March brings the sixth anniversary of E Olive’s Faire Cafe and Art Gallery. Owner Elishiba “Liz” Johnson opened Faire with the goal of creating a space where artists, musicians, and performers could mix and experiment and she’s stuck to that goal despite a changing neighborhood. A few tweaks along the way have helped make it work.
“I wanted to be on the Hill,” Johnson said. “I felt like that was really important, because I thought there was enough of an arts community- enough people that there would be foot traffic. I live in West Seattle right now, and it just wouldn’t work. There’s not enough foot traffic, and there are more families. I was always hell-bent on this neighborhood.”
Johnson had an arts-driven purpose in mind for the space. “I wanted to be able to make an impact on the arts community. I wanted people to have a space to show art…I’d just graduated from art school. I felt it could be a multi-use space where people could do music and plays and that type of thing. I think that we’ve been fulfilling that mission”
The central goal has been consistent, but along the way there have been many adjustments. In the beginning, Faire offered sandwiches, beer, and wine, as well as espresso drinks (including their signature Nutella mocha). But in 2010, Johnson shifted Faire’s focus and applied for a liquor license. It’s been a real boon to business. “You’d be surprised how many people only drink hard liquor,” she said. It made a huge difference.”
“We consider ourselves an art bar. I think what sets us apart from other coffee shops is that we have a full bar,” continued Johnson. “And what sets us apart from other art bars would be that we have a huge music and experimentation component. We have improv, theater, we have poetry readings…I think that we’re not just a visual art space, but really an art community.”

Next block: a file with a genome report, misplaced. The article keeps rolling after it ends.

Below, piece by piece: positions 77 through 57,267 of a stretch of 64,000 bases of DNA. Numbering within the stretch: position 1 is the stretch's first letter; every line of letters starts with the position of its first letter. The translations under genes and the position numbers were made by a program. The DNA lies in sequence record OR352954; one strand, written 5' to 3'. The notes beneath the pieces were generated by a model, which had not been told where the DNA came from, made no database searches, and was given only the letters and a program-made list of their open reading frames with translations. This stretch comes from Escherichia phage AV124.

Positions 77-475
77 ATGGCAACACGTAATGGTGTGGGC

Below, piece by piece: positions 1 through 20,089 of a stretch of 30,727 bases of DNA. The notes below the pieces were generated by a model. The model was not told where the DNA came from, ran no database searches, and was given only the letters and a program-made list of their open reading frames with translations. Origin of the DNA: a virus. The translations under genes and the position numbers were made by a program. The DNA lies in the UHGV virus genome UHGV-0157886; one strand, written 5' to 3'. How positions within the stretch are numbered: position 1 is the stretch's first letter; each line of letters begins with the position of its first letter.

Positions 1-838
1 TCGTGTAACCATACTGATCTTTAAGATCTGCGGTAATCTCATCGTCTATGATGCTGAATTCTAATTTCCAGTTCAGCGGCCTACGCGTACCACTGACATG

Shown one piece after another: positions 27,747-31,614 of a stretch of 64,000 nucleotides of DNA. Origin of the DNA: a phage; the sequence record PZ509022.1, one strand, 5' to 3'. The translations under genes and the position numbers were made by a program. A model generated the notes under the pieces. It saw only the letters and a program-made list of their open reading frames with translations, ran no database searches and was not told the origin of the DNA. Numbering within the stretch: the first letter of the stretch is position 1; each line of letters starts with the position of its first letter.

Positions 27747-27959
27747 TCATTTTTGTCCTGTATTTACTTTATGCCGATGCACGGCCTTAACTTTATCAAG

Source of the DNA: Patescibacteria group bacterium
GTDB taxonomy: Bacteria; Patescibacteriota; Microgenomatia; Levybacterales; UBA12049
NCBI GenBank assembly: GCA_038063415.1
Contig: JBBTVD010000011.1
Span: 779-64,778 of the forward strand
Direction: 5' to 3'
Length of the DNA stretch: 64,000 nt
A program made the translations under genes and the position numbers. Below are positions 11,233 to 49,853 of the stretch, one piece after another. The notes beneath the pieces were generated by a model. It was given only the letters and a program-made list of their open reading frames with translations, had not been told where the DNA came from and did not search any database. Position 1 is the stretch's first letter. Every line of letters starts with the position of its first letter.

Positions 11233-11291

Dealing with the recession has forced Johnson to reconsider some of her initial offerings. “When we first opened I could sell twenty dollar bottles of wine, and people would buy ten dollar beers. Now people are less likely to buy that, so we changed our product to reflect what our client base wants…It’s been a huge learning experience.”
Another struggle according to Johnson is that the art scene on the Hill has changed. As she sees it, the increases in the cost of living on Capitol Hill has led to a decline of the art scene.
“The more mom and pop homey art stuff has gone more to the wayside, and more up-market [spaces] have come into this neighborhood,” she said. “I mean, when we first opened in 2006 it was more of an underground arts community, and a lot of people started moving to Ballard, or Georgetown, or something like that.” Johnson said she thinks Capitol Hill will always be a place people come to party even as rents have continued to rise.
The more expensive environment hasn’t deterred Liz from sticking to her mission.
“Every Sunday we have live jazz, and it rotates monthly. The first Sunday of the month we have Monktail Creative Concern, which is free jazz, and the second Sunday we have more traditional straight ahead jazz. So those people are once a month, but every Sunday there is live jazz here, which we’ve had for pretty much six years. That will never change. It’s a lot of fun. We have comedy every Wednesday… so everybody can come and experiment, try out a set. The last Monday of the month we have a poetry open mic called Cup of Flow, and that is a lot of fun…We have monthly art openings, and the first Monday of the month we have classical music. There’s a lot.”
According to Johnson, what keeps regulars coming back is a sense of belonging. “I really wanted this feeling of community. Everybody who becomes a regular feels like they are a part of that community.”
Within the next five years Johnson has her eye on expanding the business. But in the short term, she has other goals.
“I want to start doing more cross-promotional shows with other galleries, and doing bigger group shows…creating a theme and then getting artists to come in and work within that theme,” she said. “We’d like to get a digital projector and show movies. We have a lot of ideas.”